# How can Earth-Centered Inertial (ECI) coordinates be properly called "inertial" if the Earth's orbit is always accelerating towards the Sun?

I've just realized (again) that I don't understand anything, something that often happens to me after reading a @DavidHammen answer.

How can Earth-Centered Inertial (ECI) coordinates be inertial if Earth's orbital motion is always accelerating?

$$\mathbf{a} = \frac{d \mathbf{v}}{dt} \approx -\frac{GM_{Sun}}{|\mathbf{r}|^2}$$

has a magnitude of about 0.006 m/s^2 and always points roughly towards the Sun, so we are always falling towards the Sun. We're also accelerating around the Earth-Moon barycenter, and then there's Venus and Jupiter, etc...

Question: How then could ECI be properly called "inertial" if the Earth's center is always accelerating towards the Sun?

Wikipedia sez:

All inertial frames are in a state of constant, rectilinear motion with respect to one another; an accelerometer moving with any of them would detect zero acceleration.

and to me those two sentences don't even match. Yes, in a falling elevator an accelerometer will read zero, but it is not necessarily in "constant, rectilinear motion with respect to" another inertial coordinate system.

• As your WP link notes: The extent to which an ECI frame is actually inertial is limited by the non-uniformity of the surrounding gravitational field. Since the effect of the sun’s (and moon’s) gravity is approximately the same on the Earth and the spacecraft, one can pretend the ECI frame is inertial for certain purposes. Dec 2, 2019 at 1:03
• @RussellBorogove so is the answer It can't! ?
– uhoh
Dec 2, 2019 at 1:05
• That’s my guess, but this is out of my wheelhouse. Dec 2, 2019 at 1:05
• Note that the contrast is with ECEF frames. Dec 2, 2019 at 1:07
• We had the Sun revolving around the Earth in our sim anyway :) Dec 2, 2019 at 1:12

How can Earth-Centered Inertial (ECI) coordinates be inertial if Earth's orbital motion is always accelerating?

It is true that "Earth-Centered Inertial" is a bit of a misnomer. What this means is that one has to account for the fictitious acceleration that results from the acceleration of the frame of reference. Unlike the fictitious accelerations that result from working in a rotating frame of reference that all have names (centrifugal acceleration, Coriolis acceleration, and Euler acceleration) the fictitious acceleration that results from using an accelerating frame of reference has no name.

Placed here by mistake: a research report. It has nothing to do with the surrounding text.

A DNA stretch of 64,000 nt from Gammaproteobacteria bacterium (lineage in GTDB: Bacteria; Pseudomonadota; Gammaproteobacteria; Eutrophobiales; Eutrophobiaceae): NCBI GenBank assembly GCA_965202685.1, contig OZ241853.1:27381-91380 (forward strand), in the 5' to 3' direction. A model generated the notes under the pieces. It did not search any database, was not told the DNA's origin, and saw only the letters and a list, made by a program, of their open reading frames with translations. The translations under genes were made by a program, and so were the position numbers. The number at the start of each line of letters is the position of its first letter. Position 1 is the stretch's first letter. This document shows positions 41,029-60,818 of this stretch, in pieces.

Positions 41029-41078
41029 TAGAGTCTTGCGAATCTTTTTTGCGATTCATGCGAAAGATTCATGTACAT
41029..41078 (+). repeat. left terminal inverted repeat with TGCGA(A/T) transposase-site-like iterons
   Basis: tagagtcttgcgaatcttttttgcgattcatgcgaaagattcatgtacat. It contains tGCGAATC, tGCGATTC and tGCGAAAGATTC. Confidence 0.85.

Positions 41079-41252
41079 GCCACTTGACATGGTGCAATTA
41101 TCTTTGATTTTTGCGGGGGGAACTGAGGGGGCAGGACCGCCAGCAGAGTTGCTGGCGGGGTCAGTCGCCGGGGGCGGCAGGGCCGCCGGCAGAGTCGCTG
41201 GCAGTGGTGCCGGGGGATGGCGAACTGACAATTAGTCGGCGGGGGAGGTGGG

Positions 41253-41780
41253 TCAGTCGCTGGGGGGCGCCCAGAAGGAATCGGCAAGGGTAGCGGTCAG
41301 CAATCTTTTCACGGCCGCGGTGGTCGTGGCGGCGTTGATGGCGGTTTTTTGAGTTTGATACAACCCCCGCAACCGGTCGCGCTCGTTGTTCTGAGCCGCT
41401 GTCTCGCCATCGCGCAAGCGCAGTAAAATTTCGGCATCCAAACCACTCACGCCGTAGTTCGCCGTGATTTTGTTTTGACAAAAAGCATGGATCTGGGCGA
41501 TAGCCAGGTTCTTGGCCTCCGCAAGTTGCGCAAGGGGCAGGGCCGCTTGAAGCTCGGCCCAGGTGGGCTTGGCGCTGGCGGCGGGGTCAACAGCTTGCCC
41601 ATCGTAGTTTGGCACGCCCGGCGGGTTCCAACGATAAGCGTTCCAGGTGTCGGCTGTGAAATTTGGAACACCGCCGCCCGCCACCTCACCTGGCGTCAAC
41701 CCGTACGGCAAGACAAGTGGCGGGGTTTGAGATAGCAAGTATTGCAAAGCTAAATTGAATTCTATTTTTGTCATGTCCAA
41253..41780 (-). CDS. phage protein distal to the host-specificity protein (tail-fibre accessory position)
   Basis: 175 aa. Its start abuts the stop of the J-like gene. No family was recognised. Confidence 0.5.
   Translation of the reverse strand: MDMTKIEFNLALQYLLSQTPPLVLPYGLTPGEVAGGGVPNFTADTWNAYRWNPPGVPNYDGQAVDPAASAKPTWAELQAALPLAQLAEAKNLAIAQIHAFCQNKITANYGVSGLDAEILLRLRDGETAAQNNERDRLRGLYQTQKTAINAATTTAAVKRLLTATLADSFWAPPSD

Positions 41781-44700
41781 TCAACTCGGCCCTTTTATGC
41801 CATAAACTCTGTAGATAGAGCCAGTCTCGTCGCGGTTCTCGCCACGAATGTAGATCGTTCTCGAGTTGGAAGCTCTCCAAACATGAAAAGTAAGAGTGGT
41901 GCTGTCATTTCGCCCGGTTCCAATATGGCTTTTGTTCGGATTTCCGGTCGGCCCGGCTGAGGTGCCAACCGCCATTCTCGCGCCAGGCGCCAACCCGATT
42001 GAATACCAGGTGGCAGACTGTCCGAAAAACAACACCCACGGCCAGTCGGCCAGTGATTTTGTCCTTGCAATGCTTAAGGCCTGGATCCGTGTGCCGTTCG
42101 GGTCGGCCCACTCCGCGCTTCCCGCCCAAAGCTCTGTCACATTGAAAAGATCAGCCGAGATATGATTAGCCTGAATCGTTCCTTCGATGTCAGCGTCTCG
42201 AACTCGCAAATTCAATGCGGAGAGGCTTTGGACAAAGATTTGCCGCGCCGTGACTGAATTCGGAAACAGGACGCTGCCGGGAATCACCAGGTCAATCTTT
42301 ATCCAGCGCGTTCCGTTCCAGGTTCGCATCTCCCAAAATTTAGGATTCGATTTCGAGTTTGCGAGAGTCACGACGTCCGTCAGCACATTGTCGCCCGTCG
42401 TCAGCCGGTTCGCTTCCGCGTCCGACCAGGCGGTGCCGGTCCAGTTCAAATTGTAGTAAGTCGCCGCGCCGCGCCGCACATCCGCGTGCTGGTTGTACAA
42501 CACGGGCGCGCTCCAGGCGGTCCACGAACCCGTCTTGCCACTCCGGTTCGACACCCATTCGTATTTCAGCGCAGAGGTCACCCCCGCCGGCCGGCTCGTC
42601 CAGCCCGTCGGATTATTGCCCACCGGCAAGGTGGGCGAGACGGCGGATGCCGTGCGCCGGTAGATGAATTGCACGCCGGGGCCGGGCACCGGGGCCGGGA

Fortunately, there is a name for the combined effect of this fictitious acceleration due to gravitation of some central body toward a third body and the gravitational acceleration of some object toward the same third body. It is called the "third body effect".

Imagine a satellite in low Earth orbit. The gravitational acceleration of that satellite toward the Sun is nearly the same as is the gravitational acceleration of the Earth toward the Sun. The perturbing effect of the Sun on the satellite's orbit is very small, about four orders of magnitude smaller than the $$6\times10^{-3} \text{m/s}^2$$ acceleration of the Earth toward the Sun.

This tiny acceleration must be taken into account if one wants to accurately model the satellite's orbit for a long time. But this tiny acceleration can be ignored if high precision isn't needed. Another way of saying this is that an ECI frame is approximately inertial.

• Okay got it! So "third body effects" are treated as a small correction and are what happens here and here and might or might not be used here
– uhoh
Dec 2, 2019 at 3:48
• @uhoh - Third body perturbations definitely would have been used and were used in the Apollo flight software. Dec 2, 2019 at 13:52
• Yep that certainly makes sense. That answer confirms that the routine exists in the software, but so far a location of the routine's use hasn't been found.
– uhoh
Dec 3, 2019 at 2:09